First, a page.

I guess there are always jobs that some of us hate. Actually, I bet all of us hate some job or the other. I also would venture to say that we have to do it anyway to grow as wood workers, or any other kind of work for that matter.
For example, I hate refinishing. So why do I take on a refinishing job? That is a very good question. One day I will figure that one out and get back to you with an answer.
When this dresser and chest of drawers set came into my shop it was a mess. I originally thought the stain or whatever kind of wood this was just simply needed a little tender loving care and it would be no big deal. Boy was I wrong.
The surface I was looking at, I should have used a light and took a closer look before I agreed to the job. However, by the time I realized this, I had already told the lady I would do it, and I am a man of my word. So the sanding began.
First though, let me show you how bad it really was so you can see why I kicked myself throughout this job.
The tops were bad enough. This part really didn't worry me and it is mainly what I looked at. It appeared to be some sort of stain on a lighter wood. Like I said, no big deal, right?
Then I started disassembling everything.
I don't know if you can see it well enough in this photo. I know it's there because I seen it up close. This was where I realized what the finish really was. It is that gunk stuff you get if you try too hard to get every last drop out of a rattle style spray can. Someone actually spray painted this.
That isn't even starting into all the runs I found that made me think that whoever did spray paint this should have their painting privileges revoked.
So, it wound up taking a lot (A LOT) more sanding than I originally thought. As I got further into this project, my heart sank a little bit. I am not positive on the wood, but this looks to be light cherry. It is beautiful wood. I would have loved to sand this all the way out and clear coat it, showcasing the beauty of this wood. This proved to be a problem though. About two days of trying and too ruined sanding attachments later as the paint in the carved details gunked up and turned to a nightmare, I realized that it was simply going to be too large a job based on my time frame to remove everything.So this is where I had to stop on the sanding.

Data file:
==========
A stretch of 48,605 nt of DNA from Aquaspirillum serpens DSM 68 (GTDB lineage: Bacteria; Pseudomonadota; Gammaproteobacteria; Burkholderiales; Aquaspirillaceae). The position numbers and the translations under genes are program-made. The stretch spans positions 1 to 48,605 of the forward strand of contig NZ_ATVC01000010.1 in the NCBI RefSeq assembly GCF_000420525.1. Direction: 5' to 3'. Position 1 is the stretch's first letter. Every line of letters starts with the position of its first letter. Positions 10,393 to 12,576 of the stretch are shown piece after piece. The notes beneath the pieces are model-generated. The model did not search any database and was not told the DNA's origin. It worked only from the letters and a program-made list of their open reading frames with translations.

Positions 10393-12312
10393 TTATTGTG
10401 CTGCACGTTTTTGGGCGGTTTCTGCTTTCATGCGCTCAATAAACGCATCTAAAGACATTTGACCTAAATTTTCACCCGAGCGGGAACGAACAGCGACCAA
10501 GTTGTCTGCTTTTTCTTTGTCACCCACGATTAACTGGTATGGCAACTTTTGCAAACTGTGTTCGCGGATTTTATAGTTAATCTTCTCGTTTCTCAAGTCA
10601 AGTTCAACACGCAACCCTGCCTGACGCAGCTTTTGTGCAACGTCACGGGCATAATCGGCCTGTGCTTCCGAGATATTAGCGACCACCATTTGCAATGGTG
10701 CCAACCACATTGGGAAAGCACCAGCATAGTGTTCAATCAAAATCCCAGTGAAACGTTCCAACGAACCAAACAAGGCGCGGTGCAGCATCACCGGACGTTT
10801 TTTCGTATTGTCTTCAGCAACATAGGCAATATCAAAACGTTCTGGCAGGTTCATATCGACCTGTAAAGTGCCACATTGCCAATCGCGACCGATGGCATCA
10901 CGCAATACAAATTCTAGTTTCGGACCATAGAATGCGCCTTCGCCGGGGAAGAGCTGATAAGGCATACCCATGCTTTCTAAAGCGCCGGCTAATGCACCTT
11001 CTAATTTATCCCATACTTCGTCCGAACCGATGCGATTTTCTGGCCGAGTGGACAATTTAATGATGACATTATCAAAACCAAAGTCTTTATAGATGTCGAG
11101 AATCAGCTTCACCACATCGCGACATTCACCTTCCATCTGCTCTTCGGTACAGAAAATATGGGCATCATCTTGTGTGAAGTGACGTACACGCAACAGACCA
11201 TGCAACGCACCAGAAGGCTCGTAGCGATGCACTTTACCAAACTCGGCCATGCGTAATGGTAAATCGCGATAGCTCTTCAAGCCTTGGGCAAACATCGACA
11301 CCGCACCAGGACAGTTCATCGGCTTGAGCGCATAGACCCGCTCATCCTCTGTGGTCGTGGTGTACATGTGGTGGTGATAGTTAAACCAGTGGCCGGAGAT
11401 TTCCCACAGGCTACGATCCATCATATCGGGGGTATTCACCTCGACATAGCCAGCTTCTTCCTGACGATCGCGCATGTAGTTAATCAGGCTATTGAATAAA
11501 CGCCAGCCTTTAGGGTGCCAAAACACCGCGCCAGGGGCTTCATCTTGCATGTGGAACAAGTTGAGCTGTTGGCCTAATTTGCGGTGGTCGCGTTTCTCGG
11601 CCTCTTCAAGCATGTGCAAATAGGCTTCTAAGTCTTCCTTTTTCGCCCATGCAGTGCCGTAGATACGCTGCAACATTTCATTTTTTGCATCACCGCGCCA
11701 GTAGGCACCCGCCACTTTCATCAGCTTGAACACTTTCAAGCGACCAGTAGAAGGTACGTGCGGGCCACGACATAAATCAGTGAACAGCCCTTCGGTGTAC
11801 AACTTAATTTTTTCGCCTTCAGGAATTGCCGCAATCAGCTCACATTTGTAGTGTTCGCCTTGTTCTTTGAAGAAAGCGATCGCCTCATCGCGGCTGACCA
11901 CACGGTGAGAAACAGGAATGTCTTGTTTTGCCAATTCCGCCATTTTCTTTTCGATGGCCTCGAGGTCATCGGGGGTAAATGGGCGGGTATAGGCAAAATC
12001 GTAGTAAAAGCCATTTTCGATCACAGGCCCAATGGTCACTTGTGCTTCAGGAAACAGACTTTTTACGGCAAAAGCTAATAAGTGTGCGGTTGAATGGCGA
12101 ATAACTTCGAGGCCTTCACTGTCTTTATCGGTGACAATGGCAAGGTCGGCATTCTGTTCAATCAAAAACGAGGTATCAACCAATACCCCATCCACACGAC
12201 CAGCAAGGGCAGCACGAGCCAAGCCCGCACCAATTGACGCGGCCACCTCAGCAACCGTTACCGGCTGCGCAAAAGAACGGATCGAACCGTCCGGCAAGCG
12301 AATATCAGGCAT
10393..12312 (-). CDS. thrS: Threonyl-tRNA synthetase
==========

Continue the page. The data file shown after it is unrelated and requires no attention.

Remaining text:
I stained it with Minwax dark walnut stain so I could blend everything as best I could with the paint that was left in the recesses of the carved areas.
Then after five coats of polyurethane, I put all the original hardware back on.
While I was a little disappointed that I couldn't get it down to the bare wood, I am pleased at the end result.
I just don't think I wish to take on any more furniture refurbishing projects any time soon. Every single time I do, it always turns into a lot bigger headache than I ever imagined. For the business side of this equation, I always wind up giving a price way too low. Then, since I stick to my word, I am severely underpaid for this type of nightmare.